Radio and the future media marketplace

It is time to reassess the value of radio as a viable media option

Steve Cox

Traditional values of coverage and frequency for the media planner are re-examined, as the author tries to position radio in the future media marketplace. As fragmentation continues, mass coverage media opportunities will become highly-priced premium commodities. Emphasis may shift from mass coverage to controlled levels of exposure amongst highly-defined targets with radio as an increasingly attractive option. A medium that is invited into listeners' personal spaces, accompanies them throughout the day, and is regarded as a friend, offers tremendous opportunities for effective communication.

OVER THE LAST FEW years, the UK media fraternity has been coming to terms with a new buzz word - fragmentation. This refers to the apparent break-up of the traditional mass-coverage media vehicles into a plethora of smaller rivals, each competing for a share of the target market's attention and the client's budget. Of course, fragmentation to the planner is diversification to the consumer, and the media planner now has more planning options than ever before. But is this altogether desirable, and do all media stand to benefit or suffer equally? In particular, what are the implications for commercial radio?

The aim of this article is to suggest possible future scenarios for radio within the changing media framework in the hope that, as and if the scenario evolves, it may become possible more clearly to define a role for this 'secret' medium. The first step should be to re-examine the traditional values of coverage and frequency to the media planner.


Ever since media planning has existed, maximising potential coverage of the target market has always been a key objective. If you want your campaign to be successful, then make sure as many people as possible see/hear/read it. Consequently, the traditional role for the media salesman has been to publicise how many of the planner's chosen target actually view, listen to, or read his particular media product. Audience research data have grown up around the need to supply both parties with believable, robust quantitative information about media consumption, and this has become the currency on which trading takes place.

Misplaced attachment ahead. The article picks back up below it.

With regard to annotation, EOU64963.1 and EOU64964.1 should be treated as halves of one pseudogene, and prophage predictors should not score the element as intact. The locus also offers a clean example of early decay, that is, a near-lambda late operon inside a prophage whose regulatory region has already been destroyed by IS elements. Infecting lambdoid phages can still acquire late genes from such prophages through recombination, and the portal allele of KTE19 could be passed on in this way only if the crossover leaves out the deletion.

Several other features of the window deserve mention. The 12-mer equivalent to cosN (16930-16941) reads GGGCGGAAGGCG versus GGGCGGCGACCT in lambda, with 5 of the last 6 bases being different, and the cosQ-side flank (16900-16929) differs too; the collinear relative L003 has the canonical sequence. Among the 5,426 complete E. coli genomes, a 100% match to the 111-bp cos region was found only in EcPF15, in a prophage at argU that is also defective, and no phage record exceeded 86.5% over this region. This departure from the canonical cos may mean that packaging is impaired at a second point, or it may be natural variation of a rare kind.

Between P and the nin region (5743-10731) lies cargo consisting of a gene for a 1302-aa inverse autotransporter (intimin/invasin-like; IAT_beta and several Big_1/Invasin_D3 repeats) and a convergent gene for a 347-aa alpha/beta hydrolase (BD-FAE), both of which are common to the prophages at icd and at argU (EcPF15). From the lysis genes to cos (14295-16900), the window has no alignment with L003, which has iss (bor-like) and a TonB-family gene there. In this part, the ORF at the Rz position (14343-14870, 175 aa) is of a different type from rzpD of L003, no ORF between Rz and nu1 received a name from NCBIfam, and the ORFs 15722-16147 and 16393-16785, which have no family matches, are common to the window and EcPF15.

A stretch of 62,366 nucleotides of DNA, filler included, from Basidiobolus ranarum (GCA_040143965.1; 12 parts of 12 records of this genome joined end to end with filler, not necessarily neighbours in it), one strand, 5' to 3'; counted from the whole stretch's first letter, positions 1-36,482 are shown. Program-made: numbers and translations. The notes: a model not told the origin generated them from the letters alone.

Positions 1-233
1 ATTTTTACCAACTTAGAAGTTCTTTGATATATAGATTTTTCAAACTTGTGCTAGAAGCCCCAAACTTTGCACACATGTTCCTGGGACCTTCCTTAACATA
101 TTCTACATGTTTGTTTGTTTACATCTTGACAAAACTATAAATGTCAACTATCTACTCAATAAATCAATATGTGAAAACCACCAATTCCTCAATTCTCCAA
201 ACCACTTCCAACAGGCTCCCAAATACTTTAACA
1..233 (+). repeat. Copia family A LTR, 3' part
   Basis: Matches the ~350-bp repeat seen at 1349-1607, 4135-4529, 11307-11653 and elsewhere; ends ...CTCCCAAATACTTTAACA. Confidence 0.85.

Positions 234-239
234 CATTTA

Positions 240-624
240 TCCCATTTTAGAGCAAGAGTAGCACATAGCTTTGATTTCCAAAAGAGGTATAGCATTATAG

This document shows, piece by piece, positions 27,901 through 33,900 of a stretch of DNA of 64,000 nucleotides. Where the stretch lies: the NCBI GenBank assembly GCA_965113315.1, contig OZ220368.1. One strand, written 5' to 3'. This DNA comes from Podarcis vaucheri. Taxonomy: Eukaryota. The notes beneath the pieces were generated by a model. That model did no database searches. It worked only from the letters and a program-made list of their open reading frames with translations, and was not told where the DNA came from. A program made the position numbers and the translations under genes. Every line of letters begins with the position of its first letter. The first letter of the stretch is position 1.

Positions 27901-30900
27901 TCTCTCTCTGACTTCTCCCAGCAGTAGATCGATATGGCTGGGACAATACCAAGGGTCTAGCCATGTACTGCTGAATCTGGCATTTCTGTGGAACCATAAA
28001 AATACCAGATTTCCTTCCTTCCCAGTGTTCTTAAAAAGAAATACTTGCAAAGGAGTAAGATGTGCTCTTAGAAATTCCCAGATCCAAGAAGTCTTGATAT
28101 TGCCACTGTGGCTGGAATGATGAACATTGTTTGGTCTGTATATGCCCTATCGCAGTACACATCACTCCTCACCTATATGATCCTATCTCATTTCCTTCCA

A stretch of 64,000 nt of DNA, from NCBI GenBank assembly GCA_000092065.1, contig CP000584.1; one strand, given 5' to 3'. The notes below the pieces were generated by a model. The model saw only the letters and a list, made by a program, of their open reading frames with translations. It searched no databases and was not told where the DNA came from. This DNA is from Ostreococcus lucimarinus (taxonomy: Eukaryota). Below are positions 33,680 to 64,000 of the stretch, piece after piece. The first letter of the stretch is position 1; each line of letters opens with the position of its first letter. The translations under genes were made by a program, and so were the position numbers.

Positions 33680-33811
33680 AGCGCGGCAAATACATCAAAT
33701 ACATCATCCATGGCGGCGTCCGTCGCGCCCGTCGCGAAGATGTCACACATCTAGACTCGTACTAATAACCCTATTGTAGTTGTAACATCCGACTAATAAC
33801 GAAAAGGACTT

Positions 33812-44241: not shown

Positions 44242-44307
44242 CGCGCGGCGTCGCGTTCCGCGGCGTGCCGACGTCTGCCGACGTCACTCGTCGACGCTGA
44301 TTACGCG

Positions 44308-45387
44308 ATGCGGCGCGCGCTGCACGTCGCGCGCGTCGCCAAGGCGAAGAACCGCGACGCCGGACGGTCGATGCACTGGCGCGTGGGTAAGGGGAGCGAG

Clearly a campaign cannot hope to persuade one million consumers to try a new product if only 500,000 are ever exposed to the commercial, but is this the whole story? Suppose two exposures to an ad are enough to encourage trial, whilst one is not, which is the better campaign if those 500,000 each get the necessary two exposures whilst the one million only get one? This is obviously simplistic, but it does illustrate that planning on coverage alone will not guarantee success.

Similarly, established and trusted weights of exposure may need to be amended according to the creative vehicle and message. A memorable 60" ad will be effective at a lower weight than a less creative 10" ad, just as an ad for a new soap is likely to require more exposure than a promotion offering holidays in the US for £50. However, benchmarks have evolved in most media based on planners' past experience (although, as we shall see, these are not necessarily fully established in the radio medium).

Good media planning has always involved consideration of both sides of this equation, but coverage has tended to dominate. As a result, media owners that deliver mass coverage have generally benefited from a healthy share of clients' budgets in preference to their smaller rivals. However, recent developments have seen a definite shift away from traditional planning techniques.